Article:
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New medical device technology set to benefit patients

By Tim Sandle     Oct 26, 2016 in Technology
As regular readers of Digital Journal will be aware, health technology and digital health have introduced a range of important innovations. Many of these involve ‘connected technology.’ We survey five new innovations.
Research into connected devices is leading to new generation medical aids that are ending up in hands of patients. Here the world of Internet of Things technology has extended into the realm of medical device development. One of the first connected devices to appear was the so-called ‘smart’ inhaler (used for delivering medication into the body via the lungs). The device sends usage data remotely to medics, as well as to the user’s smartphone. The devices were profiled on Digital Journal earlier this year.
In selecting example devices, we’ve gone for a range, designed to showcase the technology available.
The first of the selections is the Intelligent Asthma Management Kit, from Health Care Originals. This device, profiled on App Accessories, was developed to aid in the management and treatment of chronic asthma. Many asthma patients need regular check-ups. To automate this, a smart medical device has been designed for monitoring chronic asthma. The device allows the health caregiver to gather real-time information concerning asthmatic patient, via a network. The device also alerts medical professionals if there is a serious asthma attack.
The second device is Medtronic’s “smart” insulin pumps, which have been featured on QMed. A device called the MiniMed 670G insulin pump is the first hybrid, closed-loop artificial pancreas. The device aims to provide improved patient outcomes at a low costs, compared with conventional technology.
Our third selection is a device that people can use at home, as well as part of a recovery program in a hospital, is the Valedo Back Therapy Kit. This consists of a video platform with interactive exercises to help those with back problems. There is also a connection module is attached to the patient’s lower back via smart sensors. This allows data to be stored, including responses to the exercises as well as for the collection of symptoms relating to ill-health.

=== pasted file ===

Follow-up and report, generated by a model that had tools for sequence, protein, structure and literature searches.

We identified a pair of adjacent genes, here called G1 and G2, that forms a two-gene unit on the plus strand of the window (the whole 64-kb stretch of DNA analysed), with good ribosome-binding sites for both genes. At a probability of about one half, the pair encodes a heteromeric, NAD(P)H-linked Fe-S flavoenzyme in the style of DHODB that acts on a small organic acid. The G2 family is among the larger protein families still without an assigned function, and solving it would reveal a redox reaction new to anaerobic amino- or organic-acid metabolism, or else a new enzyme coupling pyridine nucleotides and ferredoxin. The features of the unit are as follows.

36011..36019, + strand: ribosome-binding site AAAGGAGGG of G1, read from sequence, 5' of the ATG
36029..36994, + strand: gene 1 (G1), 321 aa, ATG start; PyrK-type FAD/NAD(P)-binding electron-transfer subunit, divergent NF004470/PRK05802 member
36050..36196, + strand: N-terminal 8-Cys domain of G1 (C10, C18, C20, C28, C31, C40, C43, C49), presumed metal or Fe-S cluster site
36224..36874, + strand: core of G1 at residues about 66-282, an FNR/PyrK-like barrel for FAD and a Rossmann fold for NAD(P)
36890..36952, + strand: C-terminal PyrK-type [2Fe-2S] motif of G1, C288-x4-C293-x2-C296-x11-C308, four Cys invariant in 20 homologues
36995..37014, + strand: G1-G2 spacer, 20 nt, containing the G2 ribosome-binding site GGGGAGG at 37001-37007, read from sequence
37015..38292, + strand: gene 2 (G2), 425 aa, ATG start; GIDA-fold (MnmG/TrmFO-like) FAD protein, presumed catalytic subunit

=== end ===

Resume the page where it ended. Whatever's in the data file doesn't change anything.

Fourth is something more sophisticated, prosthetics for amputees. These are myoelectric prostheses, discussed by the British Medical Journal. These artificial arm devices are controlled by tiny voltages generated on the surface of the skin, through the activity of residual muscles. The voltage device process is described as surface electromyography. With this, the voltages are amplified and processed in way that means when the patient flexes a muscle, motors on the prosthesis move in a predictable way. The current technology is expensive, with the typical arm prosthetic costing $30,000.
The fifth and final selection has been developed by 11 Health and Technologies. It takes the form of a watch and utilizes Bluetooth technology. The ostom-i Alert Sensor signals to patients, in real time, when their ostomy pouch (or colostomy bag) is at a point where it needs to be emptied. The bags collect of waste from a surgically diverted biological system (colon, ileum, or bladder.) The alert helps to prevent any unpleasant surprises. A connected app captures data about patient output volume over a period of time so that it can be reviewed by a medical professional.
Several of the innovations profiled are featuring at BIOMEDevice San Jose, December 7–8, 2016. The event showcases emerging trends and innovations for the biomedical industry in 2017. The event features a Connected Health Device Development Summit.
One of the key selling points about connected health technology is to assess and improve medication adherence (to check that patients are using the device when they should). A further reason is to gather data about the time of day the device is used, and also to review the types of symptoms that might require a device to be used.
A concern with this type of connected technology is what do medical device companies and pharmaceutical firms do with the collected data and how secure is it?
The downside with digital health technology is security. In relation to this, for the U.S. consumer the Federal Bureau of Investigation stated that:
“Criminals can also gain access to unprotected devices used in home health care, such as those used to collect and transmit personal monitoring data or time-dispense medicines. Once criminals have breached such devices, they have access to any personal or medical information stored on the devices and can possibly change the coding controlling the dispensing of medicines or health data collection. These devices may be at risk if they are capable of long-range connectivity.”
To add to this, the U.S. Food and Drug Administration has also weighed in on the security question, stipulating: “The security measures should be well coordinated among the medical device components, accessories, and system, and as needed, with a host wireless network.”
While connected medical technology offers many advantages, there are matters of privacy and security which still need to be discussed and resolved.
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